When the "self-portrait" project was first assigned, I knew it was going to be a difficult one for me. For starters, even though I love photography, I do not like being photographed. Women tend to have an easier time with self-portraits, because I believe deep down inside, all women love to be photographed. Regardless of age, size, and shape, a good majority of women enjoy having their photo taken, especially if the photographer is skilled enough to capture them in the most flattering way. As for me, I believe what some abodiginals believe, that a photograph may in fact steal a part of my soul. = )
Though the project was difficult, I believe completing it helped me test some of my new knowledge as pertaining to lighting, posing, and composition. It also got my creative juices flowing. How does one capture the entire essence of a human being in one frame? The answer in short is that it is not possible, but certain aspects of our being can be represented in a single photo.
I love my alma mater. And I love the football team. However, there was a point in my life where attending Rutgers seemed like the plague. Today, I can say it was an amazing 4 years, and I left with great experiences, friendships, and a respectable education. The resurrection of the football program is just icing on the cake. In high school, I could have never imagined a world in which I was more proud of my Rutgers degree than the one from Harvard.
[This photo was backlit by windows, and I bounced a 580 speedlight off the ceiling to provide some fill from the front. Using the self-timer and getting into that position in 10 seconds without knocking anything over was a challenge.]
Before photography, my first creative love remains writing. Words have a certain power and timeless quality that I enjoy. I love the occasional opportunity to merge my passions in life. Oftentimes when shooting details at a wedding, words will jump out at me. I love highlighting those subtle moments. This photo was framed to show the titles and subjects of some of my favorite books. My tastes have always been eclectic, but as with all things I am into, I delve deep and with passion into topics of personal interest. I think I could be one of the world's foremost experts on Peanuts. = ) With any sort of art, I love learning about the general experiences and specific instances that led to inspiration and ultimately creation.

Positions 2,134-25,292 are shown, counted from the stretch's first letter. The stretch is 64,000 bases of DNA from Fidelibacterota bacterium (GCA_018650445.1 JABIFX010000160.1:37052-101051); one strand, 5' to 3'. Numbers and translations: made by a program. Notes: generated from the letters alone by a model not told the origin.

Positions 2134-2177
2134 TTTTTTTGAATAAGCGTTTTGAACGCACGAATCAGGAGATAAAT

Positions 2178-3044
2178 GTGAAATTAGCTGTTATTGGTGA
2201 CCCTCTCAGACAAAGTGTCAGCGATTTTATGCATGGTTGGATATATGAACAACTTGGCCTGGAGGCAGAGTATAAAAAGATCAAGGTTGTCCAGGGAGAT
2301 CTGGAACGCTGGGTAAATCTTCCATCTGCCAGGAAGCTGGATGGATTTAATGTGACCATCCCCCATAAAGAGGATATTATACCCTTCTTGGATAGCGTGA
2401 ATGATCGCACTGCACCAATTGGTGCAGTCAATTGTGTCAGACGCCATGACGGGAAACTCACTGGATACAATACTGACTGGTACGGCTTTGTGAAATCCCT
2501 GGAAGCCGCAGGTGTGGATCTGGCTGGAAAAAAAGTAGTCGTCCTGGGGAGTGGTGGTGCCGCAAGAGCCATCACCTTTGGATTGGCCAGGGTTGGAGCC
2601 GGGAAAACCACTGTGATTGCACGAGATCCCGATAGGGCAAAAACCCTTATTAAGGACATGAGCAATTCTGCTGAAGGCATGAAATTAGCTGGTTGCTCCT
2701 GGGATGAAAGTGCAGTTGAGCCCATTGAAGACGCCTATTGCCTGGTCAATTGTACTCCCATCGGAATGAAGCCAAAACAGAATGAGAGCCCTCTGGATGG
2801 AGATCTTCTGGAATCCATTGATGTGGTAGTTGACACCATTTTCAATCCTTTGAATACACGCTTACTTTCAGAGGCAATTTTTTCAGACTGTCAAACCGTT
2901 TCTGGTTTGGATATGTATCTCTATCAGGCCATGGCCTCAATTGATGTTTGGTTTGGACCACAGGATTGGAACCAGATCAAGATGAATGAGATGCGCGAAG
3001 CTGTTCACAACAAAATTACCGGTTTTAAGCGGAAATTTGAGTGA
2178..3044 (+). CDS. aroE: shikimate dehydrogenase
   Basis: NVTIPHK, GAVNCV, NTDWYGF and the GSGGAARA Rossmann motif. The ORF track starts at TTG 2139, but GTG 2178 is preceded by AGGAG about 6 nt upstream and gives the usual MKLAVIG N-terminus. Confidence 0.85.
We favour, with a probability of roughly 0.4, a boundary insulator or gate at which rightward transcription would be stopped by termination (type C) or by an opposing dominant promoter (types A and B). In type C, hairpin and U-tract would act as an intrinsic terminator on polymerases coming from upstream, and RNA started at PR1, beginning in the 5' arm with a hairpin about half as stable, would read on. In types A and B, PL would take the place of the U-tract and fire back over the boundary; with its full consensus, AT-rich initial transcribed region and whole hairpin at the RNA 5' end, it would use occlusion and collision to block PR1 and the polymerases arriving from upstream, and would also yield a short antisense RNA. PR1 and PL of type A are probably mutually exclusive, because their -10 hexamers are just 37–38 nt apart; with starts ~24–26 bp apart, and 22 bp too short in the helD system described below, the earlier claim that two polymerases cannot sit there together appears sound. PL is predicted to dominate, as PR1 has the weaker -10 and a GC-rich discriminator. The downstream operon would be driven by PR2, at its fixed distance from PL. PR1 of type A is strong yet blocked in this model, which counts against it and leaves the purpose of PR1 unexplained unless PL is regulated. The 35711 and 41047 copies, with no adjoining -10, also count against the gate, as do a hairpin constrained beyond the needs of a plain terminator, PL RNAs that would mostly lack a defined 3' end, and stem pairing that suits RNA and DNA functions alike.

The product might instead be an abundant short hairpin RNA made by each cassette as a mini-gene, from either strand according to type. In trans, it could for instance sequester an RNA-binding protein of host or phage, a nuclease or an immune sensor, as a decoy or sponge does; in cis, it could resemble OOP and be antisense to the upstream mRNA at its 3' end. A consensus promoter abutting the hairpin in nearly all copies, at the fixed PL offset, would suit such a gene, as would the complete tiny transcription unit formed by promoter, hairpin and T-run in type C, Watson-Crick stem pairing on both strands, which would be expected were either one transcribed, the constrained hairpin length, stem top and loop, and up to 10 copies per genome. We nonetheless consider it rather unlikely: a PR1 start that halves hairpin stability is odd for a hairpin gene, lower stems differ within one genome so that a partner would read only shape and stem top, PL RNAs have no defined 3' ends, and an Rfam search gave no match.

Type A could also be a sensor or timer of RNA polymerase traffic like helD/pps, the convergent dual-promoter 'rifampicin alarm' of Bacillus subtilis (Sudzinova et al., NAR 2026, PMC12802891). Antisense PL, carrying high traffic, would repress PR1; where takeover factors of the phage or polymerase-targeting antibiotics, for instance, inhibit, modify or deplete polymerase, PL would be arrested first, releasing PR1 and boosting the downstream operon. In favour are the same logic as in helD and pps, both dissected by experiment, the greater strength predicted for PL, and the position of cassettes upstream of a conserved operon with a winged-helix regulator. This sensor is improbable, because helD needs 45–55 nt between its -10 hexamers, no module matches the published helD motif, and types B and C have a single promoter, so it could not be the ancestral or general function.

So why is a self-portrait important for photographers? On a macro level, I think it gives you a little more respect and appreciation for the subjects you are photographing. Not everyone is comfortable in front of the lens, and a little empathy never hurt a photographer. On a micro level, setting up your own shot, moving into the frame, and getting everything exactly the way you want it, is quite the challenge. However, going through that tedious agony can only improve your flow when photographing someone else. (If you run with 25 lb weights attached to your ankles, it should feel like you are flying when you take them off.) While I was setting up my shots and trying to execute them, I constantly longed to work with someone else as the subject. Though I've seen my mentor do it on a pretty regular basis, I now have a slightly better idea of how to give someone else direction. As always, I await what this new experience will contribute to my photography when on a real gig.
As for photography in general, I now feel comfortable enough with my gear and able to quickly find the right settings in a given situation. That has opened up more opportunities for creative energy to manifest itself. I still love every chance I get to shoot, and I love being able to pick my mentor's brain with the random questions that surface during the course of a shoot.
Shoot on. Live on.